Yogev Ohayon's performance against Serbia Tuesday night, in which he scored 19 points, pulled down seven rebounds and grabbed three steals, signified the coming of age of this 10-year veteran with Israeli national teams of various age levels.
Ohayon debuted for Israel as a 15-year-old with the cadet team in 2002. Roni Busani, his coach at the time, remembers him as a cut kid who was quite unripe. "He didn't have a hair on his body," he told Haaretz. "He began as a back-up guard and was starting by the second game."
Then, too, Ohayon was a well-rounded player - averaging 13 points, 6.3 rebounds and three steals a game his first season.
Two years ago, when Arik Shivek took over as national men's team coach, Ohayon was just another player on the team. He scored a total of 17 points in the qualification round, equivalent to what he scored Tuesday night, and 11 points in EuroBasket 2011.
Handing the reins over to Yogev
Shivek says Ohayon got playing time but that the national team is not the place to develop a player. The national team, he says, receives athletes who are ready to play and takes the ones who are in the best shape.
This summer, the story is completely different. Ohayon averages over 30 minutes a game, scoring 11.2 points per contest and controlling the pace of each game.
"Even before the campaign I decided to give Yogev the reins," says Shivek. "He progressed a lot this year at Maccabi (Tel Aviv ) and he's playing with more confidence. He also has more experience. He played a season in the Euroleague and showed that he can compete against players at this level."
Ohayon played well against Dimitris Diamantidis of Panathinaikos in the Euroleague, giving him a lot of confidence, notes Shivek. "Now he's playing like he did in high school," he adds.
The question then is why it took until his eighth season in the league and fifth with the men's team to come into his own?
Nati Cohen, who coached him on the Hapoel Galil Elyon youth team and at Emek Hahula High School, says that since moving up to the men's level, Ohayon has always had a coach or someone else telling him how to play the game. "You don't need to limit Yogev," he says. "He lives on instincts. Put him into a hierarchical system and he starts to hesitate and lose himself."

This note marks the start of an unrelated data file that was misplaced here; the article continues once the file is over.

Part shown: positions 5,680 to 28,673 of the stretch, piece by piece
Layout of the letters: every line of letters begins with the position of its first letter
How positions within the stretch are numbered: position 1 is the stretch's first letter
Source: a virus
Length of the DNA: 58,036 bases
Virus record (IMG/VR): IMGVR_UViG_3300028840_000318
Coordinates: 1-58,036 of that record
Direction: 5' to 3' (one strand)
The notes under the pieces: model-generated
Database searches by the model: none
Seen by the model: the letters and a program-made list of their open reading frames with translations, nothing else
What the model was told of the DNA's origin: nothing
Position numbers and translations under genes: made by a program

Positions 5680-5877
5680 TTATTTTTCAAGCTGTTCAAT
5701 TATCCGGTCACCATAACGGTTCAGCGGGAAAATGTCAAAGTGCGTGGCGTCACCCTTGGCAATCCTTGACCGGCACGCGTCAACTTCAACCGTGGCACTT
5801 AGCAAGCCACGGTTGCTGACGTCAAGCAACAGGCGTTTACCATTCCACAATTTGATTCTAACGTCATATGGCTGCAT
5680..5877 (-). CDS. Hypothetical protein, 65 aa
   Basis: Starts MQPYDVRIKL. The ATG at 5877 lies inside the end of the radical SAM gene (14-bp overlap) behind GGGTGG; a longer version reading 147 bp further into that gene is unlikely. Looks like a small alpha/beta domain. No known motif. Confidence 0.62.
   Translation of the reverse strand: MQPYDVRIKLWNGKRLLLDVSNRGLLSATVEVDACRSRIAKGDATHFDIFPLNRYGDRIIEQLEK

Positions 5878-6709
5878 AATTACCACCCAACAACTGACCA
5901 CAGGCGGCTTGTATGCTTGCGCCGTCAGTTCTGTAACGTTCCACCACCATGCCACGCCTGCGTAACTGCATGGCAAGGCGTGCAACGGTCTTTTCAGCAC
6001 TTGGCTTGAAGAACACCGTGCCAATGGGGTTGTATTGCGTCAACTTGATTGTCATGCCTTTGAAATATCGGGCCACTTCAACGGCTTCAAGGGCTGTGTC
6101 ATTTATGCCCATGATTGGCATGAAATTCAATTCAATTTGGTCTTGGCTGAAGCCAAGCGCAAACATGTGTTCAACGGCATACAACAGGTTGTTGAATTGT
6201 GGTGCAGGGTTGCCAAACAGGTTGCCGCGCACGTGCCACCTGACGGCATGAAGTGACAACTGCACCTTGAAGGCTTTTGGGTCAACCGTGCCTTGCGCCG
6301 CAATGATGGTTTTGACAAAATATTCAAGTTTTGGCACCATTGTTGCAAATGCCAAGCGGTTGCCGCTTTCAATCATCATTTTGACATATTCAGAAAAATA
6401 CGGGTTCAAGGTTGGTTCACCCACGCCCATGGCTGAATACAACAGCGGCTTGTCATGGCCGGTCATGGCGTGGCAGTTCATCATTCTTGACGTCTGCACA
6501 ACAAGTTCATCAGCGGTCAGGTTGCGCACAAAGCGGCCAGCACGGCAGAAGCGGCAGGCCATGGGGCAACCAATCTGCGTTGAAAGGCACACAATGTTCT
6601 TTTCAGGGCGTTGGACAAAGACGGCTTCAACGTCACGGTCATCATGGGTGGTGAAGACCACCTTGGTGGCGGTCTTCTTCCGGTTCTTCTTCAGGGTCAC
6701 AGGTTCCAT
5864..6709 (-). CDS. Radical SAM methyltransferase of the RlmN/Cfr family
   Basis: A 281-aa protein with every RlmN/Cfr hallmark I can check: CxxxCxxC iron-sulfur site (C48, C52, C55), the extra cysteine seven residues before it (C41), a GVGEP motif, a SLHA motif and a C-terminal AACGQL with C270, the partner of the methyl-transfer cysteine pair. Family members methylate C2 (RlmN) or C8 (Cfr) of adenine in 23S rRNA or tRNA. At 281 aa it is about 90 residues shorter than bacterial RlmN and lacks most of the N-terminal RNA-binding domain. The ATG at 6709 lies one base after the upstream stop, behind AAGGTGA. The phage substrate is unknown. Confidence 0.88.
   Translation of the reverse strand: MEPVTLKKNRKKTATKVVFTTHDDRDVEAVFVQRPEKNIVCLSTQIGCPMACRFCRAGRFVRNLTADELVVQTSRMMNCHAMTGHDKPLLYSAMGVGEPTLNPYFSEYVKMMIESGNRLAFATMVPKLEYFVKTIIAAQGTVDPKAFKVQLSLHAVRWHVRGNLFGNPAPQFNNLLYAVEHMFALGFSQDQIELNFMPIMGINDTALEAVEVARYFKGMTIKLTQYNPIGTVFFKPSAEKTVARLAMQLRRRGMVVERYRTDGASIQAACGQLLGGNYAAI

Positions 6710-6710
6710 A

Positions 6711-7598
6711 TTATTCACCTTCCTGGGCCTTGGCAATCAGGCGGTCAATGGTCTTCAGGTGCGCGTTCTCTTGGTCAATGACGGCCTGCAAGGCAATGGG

Cohen says that over the past year Maccabi Tel Aviv head coach David Blatt and Israel's Shivek have given Ohayon the confidence to play like he did on his youth teams. "He has the mandate to do what he wants," he adds.
Getting better all the time
Ohayon is not only doing what he wants, he's better at what he does, according to other former coaches. Yaakov Gino, who coached Ohayon for Israel at the under-20 level and brought him as a starter to Nahariya, notes that the guard always had good control of the ball and ability to take it inside, but has recently improved his ability to finish plays. "Some still don't respect his shooting, and we saw how he punished the Serbs," Gino says. "I didn't think he'd reach this level."
Busani says Ohayon's shooting improvement is the result of a lot of hard work.
Blatt says that at Maccabi, Ohayon found a way to exploit his advantages and not to dwell on his weaknesses. He says Ohayon was given clear guidelines about what he could and couldn't do, but was also given leeway so he wasn't sent to the bench for every mistake he made. Ultimately, adds Blatt, Ohayon suited Maccabi's speed and aggressiveness.
Barring any surprises, Maccabi will have to get by this season without Ohayon, who signed with Lokomotiv Kuban.
Even after Ohayon played 36 minutes against Serbia, Cohen says there's nothing to worry about him for tonight when Israel hosts Montenegro. "His ability to recover is tremendous," Cohen says. "He has another dose of energy in his body."
Both teams acknowledge Israel has improved
Luka Pavicevic, the head coach of Montenegro, said ahead of tonight’s game that he has followed Israel since the two teams met at the beginning of the EuroBasket qualification campaign and can say that the team has picked up its game recently. He said he expected it to be particularly difficult in the confines of Yad Eliahu.
“We did a good job in the first round despite missing three top players, and we need now another two wins to advance to the European championship,” said the coach whose team is 5-0 so far in Group A.
Montenegro had a balanced attack in the 75-69 win on August 15. Suad Sehovic earned a double-double with 12 points and 11 rebounds, while Taylor Rochestie and Blagota Sekulic also had twelve apiece. Vladimir dasic added 10 points in the victory.
Israel’s assistant coach Oded Katash said everyone on the team knows what they need to do. “Even if we beat Montenegro we haven’t done anything because we also have to beat Estonia,” he said.
Katash explained Israel’s decisive defeat of Serbia by saying it is very Israeli to only wake up after being slapped on the face, but that the national team showed it has character and a lot of talent.
“Now we have to show we have more character than we displayed at the begining,” he added. “Everyone remembers the loss in Montenegro and you don’t have to say too much about the game.”
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